Category Archives: High Performance Computing

Serial and SIMD implementation of the Xoshiro256+ random number generator – Part 1 Implementation and Usage

The Xoshiro256PlusSIMD project provides a C++ implementation of Xoshiro256+ random number generator that matches the performance of the reference C implementation of David Blackman and Sebastiano Vigna ( Xoshiro256+ combines high speed, small memory space requirements for stored state and excellent statistical quality. For cryptographic use cases or use cases where absolutely the best statistical quality is required – maybe consider a different RNG like the Mersenne Twist. For any any other conventional simulation or testing use case, Xoshiro256+ should be perfectly fine statistically and better than a whole lot of other slower alternatives.

This implementation is a header-only library and provides the following capabilities:

  • Single 64 bit unsigned random value
  • Single 64 bit unsigned random value reduced to a [lower, upper) range
  • Four 64 bit unsigned random values
  • Four 64 bit unsigned random values reduced to a [lower, upper) range
  • Single double length real random value in a range of (0,1)
  • Single double length real random value in a (lower, upper) range
  • Four double length real random values in a range of (0,1)
  • Four double length real random values in a (lower, upper) range

Implementation Details

For platforms supporting the AVX2 instruction set, the RNG can be configured to use AVX2 instructions or not on an instance by instance basis. AVX2 instructions are only used for the four-wide operations, there is no advantage using them for single value generation.

The four-wide operations use a different random seed per value and the the seed for single value generation is distinct as well. The same stream of values will be returned by the serial and AVX2 implementations. It might be faster for the serial implementation to use only a single seed across all the four values – each increasing index being the next value in a single series, instead of each of the four values having its unique series. The downside of that approach is that the serial implementation would return different four wide values than the AVX2 implementation. The AVX2 implementation must use distinct seeds for each of the four values.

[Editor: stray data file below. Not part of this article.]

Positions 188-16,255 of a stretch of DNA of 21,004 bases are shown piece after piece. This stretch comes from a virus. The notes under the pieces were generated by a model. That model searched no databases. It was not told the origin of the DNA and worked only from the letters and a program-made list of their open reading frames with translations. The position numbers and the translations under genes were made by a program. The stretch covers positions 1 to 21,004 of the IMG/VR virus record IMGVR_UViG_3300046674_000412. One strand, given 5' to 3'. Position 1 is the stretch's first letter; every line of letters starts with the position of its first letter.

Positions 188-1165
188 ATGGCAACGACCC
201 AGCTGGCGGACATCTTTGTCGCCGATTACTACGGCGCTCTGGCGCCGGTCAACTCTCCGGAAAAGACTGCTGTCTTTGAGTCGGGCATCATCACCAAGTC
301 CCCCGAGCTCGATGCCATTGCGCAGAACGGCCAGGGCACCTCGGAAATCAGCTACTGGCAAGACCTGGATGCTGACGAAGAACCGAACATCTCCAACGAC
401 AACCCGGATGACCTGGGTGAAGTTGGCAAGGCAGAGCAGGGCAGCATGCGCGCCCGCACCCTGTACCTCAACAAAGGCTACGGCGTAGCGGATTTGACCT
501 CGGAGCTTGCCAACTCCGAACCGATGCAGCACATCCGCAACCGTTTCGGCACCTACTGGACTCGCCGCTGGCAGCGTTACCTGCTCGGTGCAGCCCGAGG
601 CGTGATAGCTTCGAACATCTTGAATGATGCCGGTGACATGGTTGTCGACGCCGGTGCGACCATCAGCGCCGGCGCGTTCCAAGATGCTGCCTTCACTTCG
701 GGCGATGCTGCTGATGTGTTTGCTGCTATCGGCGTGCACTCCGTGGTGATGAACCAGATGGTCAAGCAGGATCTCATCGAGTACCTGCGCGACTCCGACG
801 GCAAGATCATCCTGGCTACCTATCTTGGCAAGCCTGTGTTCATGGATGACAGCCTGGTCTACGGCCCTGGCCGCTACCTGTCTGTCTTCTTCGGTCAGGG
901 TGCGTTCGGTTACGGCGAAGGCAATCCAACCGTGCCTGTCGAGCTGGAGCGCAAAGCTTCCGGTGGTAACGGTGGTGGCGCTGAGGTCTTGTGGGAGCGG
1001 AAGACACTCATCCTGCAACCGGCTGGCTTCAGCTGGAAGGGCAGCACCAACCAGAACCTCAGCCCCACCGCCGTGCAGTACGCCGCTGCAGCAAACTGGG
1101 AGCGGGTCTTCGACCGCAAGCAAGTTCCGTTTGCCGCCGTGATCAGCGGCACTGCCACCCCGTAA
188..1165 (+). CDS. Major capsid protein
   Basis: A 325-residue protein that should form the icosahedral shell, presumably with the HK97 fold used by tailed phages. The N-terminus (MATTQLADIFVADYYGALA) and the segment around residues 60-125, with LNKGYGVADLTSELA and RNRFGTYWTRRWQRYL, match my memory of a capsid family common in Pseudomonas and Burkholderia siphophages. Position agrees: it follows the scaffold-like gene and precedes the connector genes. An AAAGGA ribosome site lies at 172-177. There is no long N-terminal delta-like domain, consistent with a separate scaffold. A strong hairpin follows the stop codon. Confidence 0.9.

The random series for each of the four-wide values are separated by 2^192 values – i.e. a Xoshiro256+ ‘long jump’ separates the seed for each of the four values. For clarity, the Xoshiro256+ has a state space of 2^256.

The reduction of the uint64s to an integer range takes uint32 bounds. This is a significant reduction in the size of the random values but permits reduction while avoiding taking a modulus. If you have a need for random integer values beyond uint32 sizes, I’d suggest taking the full 64 bit values and applying your own reduction algorithm. The modulus approach to reduction is slower than the approach in the code which uses shifts and a multiply.

Finally, the AVX versions are coded explicitly with AVX intrinsics, there is no reliance on the vageries of compiler vectorization. The SIMD version could be written such that gcc should unroll loops and vectorize but others have reported that it is necessary to tweak optimization flags to get the unrolling to work. For these implementations, all that is needed is to have the -mavx2 compiler option and the AVX2_AVAILABLE symbol defined.


The class Xoshiro256Plus is a template class and takes an SIMDInstructionSet enumerated value as its only template parameter. SIMDInstructionSet may be ‘NONE’, ‘AVX’ or ‘AVX2’. The SIMD acceleration requires the AVX2 instruction set and uses ‘if contexpr’ to control code generation at compile time. There is also a preprocessor symbol AVX2_AVAILABLE which must be defined to permit AVX2 instances of the RNG to be created. It it completely reasonable to have the AVX2 instruction set available but still use an RNG instance with no SIMD acceleration.

#define __AVX2_AVAILABLE__

#include "Xoshiro256Plus.h"

constexpr size_t NUM_SAMPLES = 1000;
constexpr uint64_t SEED = 1;

typedef SEFUtility::RNG::Xoshiro256Plus Xoshiro256PlusSerial;
typedef SEFUtility::RNG::Xoshiro256Plus Xoshiro256PlusAVX2;

bool InsureFourWideRandomStreamsMatch()
    Xoshiro256PlusSerial serial_rng(SEED);
    Xoshiro256PlusAVX2 avx_rng(SEED);

    for (auto i = 0; i < NUM_SAMPLES; i++)
        auto next_four_serial = serial_rng.next4( 200, 300 );
        auto next_four_avx = avx_rng.next4( 200, 300 );

        if(( next_four_serial[0] != next_four_avx[0] ) ||
           ( next_four_serial[1] != next_four_avx[1] ) ||
           ( next_four_serial[2] != next_four_avx[2] ) ||
           ( next_four_serial[3] != next_four_avx[3] ))
        { return false; }

    return true;